It’s nothing new for gun control groups to endorse members of both parties. In 2016, for example, Giffords endorsed another Pennsylvania Republican, Sen. Pat Toomey, who, like Fitzpatrick, has reached across the aisle on several gun control measures. (Toomey partnered with Democrat Joe Manchin in a failed effort to expand background checks after the 2012 Sandy Hook shooting.)
But any congressional action on gun control would almost certainly rely on Democrats taking over Congress—the GOP-controlled House has refused to even hold votes on most gun control measures in the wake of the Parkland shooting. Pennsylvania’s 1st district presents as good an opportunity as any for the Democrats. It’s is one of the half-dozen GOP-held districts that has shifted to the left, thanks to court-mandated redistricting. As a largely suburban district, nestled along the New Jersey border between Philadelphia and Allentown, it’s also prime real estate for gun control groups, who have found that the college-educated, white-collar voters who reside there are particularly invested in the issue. Giffords has already endorsed a dozen Democratic challengers running in districts that fit that mold.
On the campaign trail, both candidates have sought to appeal to these voters. Wallace has embraced the “common sense” gun control measures that have gained traction following Parkland and has called for holding gun manufacturers legally responsible when their products kill people. For his part, Fitzpatrick has co-sponsored bills that would expand background checks and take guns out the hands of people deemed a risk to themselves or others. He’s introduced legislation to raise the minimum age to purchase assault weapons to 21 and to ban bump stocks—the device used in last year’s Las Vegas massacre that makes semi-automatic weapons behave like machine guns. And whatever his motivations, he was one of only a dozen Republicans to vote against the concealed-carry reciprocity bill. Both candidates received the “Gun Sense Candidate” distinction from the local chapter of Moms Demand Action.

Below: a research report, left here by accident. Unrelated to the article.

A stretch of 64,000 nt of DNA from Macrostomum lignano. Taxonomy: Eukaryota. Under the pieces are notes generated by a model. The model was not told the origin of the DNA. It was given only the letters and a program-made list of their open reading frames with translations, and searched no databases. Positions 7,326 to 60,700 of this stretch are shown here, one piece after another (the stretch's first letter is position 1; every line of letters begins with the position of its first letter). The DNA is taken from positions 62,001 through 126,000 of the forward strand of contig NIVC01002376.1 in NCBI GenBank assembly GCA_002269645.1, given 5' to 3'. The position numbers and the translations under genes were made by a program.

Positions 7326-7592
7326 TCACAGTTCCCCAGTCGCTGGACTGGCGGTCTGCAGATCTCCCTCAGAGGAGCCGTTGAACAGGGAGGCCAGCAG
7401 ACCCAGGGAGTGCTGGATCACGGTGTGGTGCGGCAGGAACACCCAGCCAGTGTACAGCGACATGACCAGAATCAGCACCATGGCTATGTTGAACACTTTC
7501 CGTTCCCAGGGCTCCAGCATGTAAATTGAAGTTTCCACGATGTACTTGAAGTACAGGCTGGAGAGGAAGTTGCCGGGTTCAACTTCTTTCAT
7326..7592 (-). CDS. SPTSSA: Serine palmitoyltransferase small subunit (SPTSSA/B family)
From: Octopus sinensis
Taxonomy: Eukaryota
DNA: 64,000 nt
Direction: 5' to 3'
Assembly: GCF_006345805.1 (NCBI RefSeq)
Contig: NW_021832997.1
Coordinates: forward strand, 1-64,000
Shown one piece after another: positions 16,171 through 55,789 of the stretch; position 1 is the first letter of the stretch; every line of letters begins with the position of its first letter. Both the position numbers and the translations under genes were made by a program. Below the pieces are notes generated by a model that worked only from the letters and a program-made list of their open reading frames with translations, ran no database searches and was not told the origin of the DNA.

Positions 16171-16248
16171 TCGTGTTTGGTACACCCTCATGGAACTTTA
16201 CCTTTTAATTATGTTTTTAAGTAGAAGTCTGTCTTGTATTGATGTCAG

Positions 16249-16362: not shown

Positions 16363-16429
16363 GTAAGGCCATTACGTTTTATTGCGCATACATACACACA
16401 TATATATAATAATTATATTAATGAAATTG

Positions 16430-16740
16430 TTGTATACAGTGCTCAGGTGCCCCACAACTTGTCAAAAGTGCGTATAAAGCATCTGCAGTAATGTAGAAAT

But to suggest Fitzpatrick’s public stances have always been matched by political action would be a mistake. There have been few votes on gun measures during his 18 months in Congress, but he did vote for measures that would prevent the Veteran Affairs’ Department and the Social Security Administration from sharing individuals’ mental health records with the background check system that is used to determine whether potential firearms buyers are allowed to purchase weapons. After Parkland, Allentown’s Morning Call newspaper noted that Fitzpatrick supports an assault weapons ban, but he has not co-sponsored the legislation that would do that—something that gun control groups have implored members of Congress to do. He received a “B” rating from the NRA during his 2016 run for Congress.
James, from the Giffords group, says it’s too early to say whether her organization will spend heavily to keep Fitzpatrick in office. She notes that the group will focus most of its resources on “defeating incumbents who stand with the gun lobby and the NRA.” In other words, the endorsement may end up being largely symbolic.